ASMR is an acronym coined in 2010 that stands for Autonomous Sensory Meridian Response. It identifies a physical response consisting of deep relaxation and/or tingles that start at the scalp and spread throughout the rest of the body. This response is caused by listening to certain sounds or watching specific objects, body or hand movements.
Stimuli that precede the physical response are usually called triggers because they trigger instinctive reactions.
What does ASMR do to your body?
ASMR originates from signals that are generated in the cerebral cortex and spread throughout the autonomic nervous system.
When signals reach peripheral areas of the body they report perceived sensations. When, on the other hand, these stimuli cause a slowing of activity in certain areas of the brain, the person is induced to sleep.
ASMR studies and discoveries
ASMR is a universal but at the same time unique feeling that is activated by different stimuli depending on the person and it’s experienced by only certain people.
Different studies have tried to figure out what kind of person is most predisposed.
- Northumbria University’s Department of Psychology, led by Charlotte Eid and her academic supervisor Dr Joanna Greer.
This study must be credited with confirming that people with high levels of anxiety who already knew ASMR are more likely to experience it.
Although this seems logical considering that people who seek it often do so for therapeutic reasons, the results of the study also suggest that ASMR may generally have anxiety-reducing effects.
Thus, people who are more prone to anxiety disorders may benefit from ASMR even without experiencing the classic tingling sensation.
- Barratt and Davis’s study called Autonomous Sensory Meridian Response: a flow-like mental state.
Barratt and Davies also noted that 80% of people who perceived ASMR sensations experienced a positive mood effect.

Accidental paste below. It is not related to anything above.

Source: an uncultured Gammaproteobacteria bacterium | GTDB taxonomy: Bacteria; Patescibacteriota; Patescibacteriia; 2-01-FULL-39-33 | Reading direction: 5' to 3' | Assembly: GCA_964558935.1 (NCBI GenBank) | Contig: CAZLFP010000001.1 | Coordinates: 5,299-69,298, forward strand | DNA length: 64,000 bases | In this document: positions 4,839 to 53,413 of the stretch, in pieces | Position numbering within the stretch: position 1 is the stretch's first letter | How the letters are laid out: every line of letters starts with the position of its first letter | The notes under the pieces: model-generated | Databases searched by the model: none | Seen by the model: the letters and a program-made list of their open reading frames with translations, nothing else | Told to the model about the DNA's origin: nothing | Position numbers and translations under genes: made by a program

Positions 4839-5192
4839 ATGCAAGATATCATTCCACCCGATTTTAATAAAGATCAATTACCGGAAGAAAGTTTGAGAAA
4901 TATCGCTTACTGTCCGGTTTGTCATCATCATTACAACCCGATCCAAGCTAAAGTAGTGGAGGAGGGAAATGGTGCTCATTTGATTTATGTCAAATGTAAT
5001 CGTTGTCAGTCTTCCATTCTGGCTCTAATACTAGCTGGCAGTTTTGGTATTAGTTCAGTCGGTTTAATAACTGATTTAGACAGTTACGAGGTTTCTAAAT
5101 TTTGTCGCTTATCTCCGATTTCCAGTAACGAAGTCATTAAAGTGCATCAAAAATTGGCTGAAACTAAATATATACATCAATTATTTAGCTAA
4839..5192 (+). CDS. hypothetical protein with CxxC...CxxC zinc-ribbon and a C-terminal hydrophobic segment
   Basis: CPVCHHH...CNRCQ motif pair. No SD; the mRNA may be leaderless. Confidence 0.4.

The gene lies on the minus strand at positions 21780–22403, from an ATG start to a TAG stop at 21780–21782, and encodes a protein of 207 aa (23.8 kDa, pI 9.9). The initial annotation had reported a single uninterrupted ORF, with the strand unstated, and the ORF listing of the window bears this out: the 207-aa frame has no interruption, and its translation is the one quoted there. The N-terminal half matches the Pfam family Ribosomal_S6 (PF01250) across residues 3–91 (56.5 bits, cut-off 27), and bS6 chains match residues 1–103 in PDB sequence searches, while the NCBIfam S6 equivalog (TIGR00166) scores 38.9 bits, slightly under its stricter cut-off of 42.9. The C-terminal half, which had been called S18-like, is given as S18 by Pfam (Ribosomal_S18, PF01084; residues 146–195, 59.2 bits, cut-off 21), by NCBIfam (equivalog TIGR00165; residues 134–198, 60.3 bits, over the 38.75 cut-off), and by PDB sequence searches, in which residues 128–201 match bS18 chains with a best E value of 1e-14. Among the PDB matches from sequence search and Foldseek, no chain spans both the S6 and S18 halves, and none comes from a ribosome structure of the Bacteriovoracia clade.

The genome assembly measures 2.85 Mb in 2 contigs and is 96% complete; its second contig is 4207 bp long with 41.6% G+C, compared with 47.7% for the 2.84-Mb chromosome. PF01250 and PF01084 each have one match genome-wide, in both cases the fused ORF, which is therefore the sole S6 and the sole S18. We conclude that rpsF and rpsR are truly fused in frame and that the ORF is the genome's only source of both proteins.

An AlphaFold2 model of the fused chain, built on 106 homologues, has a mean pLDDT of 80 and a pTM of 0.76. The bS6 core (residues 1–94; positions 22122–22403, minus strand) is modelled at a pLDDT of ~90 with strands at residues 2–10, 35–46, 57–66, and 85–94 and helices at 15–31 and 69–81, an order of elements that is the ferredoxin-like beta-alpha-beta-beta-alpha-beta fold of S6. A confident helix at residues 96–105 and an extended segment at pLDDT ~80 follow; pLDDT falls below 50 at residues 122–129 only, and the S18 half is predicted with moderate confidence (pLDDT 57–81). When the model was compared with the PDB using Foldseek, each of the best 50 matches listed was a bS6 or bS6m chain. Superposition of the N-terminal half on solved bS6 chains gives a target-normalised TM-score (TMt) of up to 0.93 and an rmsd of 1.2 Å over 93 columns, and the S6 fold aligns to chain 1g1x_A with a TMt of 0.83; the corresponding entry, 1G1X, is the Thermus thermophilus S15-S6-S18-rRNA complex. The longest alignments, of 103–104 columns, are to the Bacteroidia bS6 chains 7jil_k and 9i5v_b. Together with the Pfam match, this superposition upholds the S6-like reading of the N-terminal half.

Among all the participants in their study, those with lower mood levels benefited the most.
This appears to be a common point in both studies: the more prone people are to depression, the more ASMR sessions tend to elevate their mood.
Barratt and Davies add that ASMR seems to work in momentarily relieving the suffering associated with these kinds of disorders, and very surprisingly, this seems to occur (at least in about 50% of cases) even without people experiencing tingles.
In conclusion, ASMR is a practice that acts only on the symptom and therefore it cannot be considered enough for the treatment but it seems to have its usefulness.
From Youtube to the world
Since 2010 ASMR has been gaining momentum on Youtube and currently there are millions of such videos on the platform.
The increasing amount of people who know and use it has led many companies to create specific marketing and social campaigns. Brands such as Coca Cola, Ikea and Apple create this kind of social content.
Even the world of fashion is not immune: we find examples in Zara or Prada.
Back in 2016 W Magazine was one of the first to adopt this trend by continuing to periodically publish a series of ASMR celebrities interviews which generate millions of views.
What about you? Have you found your favourite trigger yet?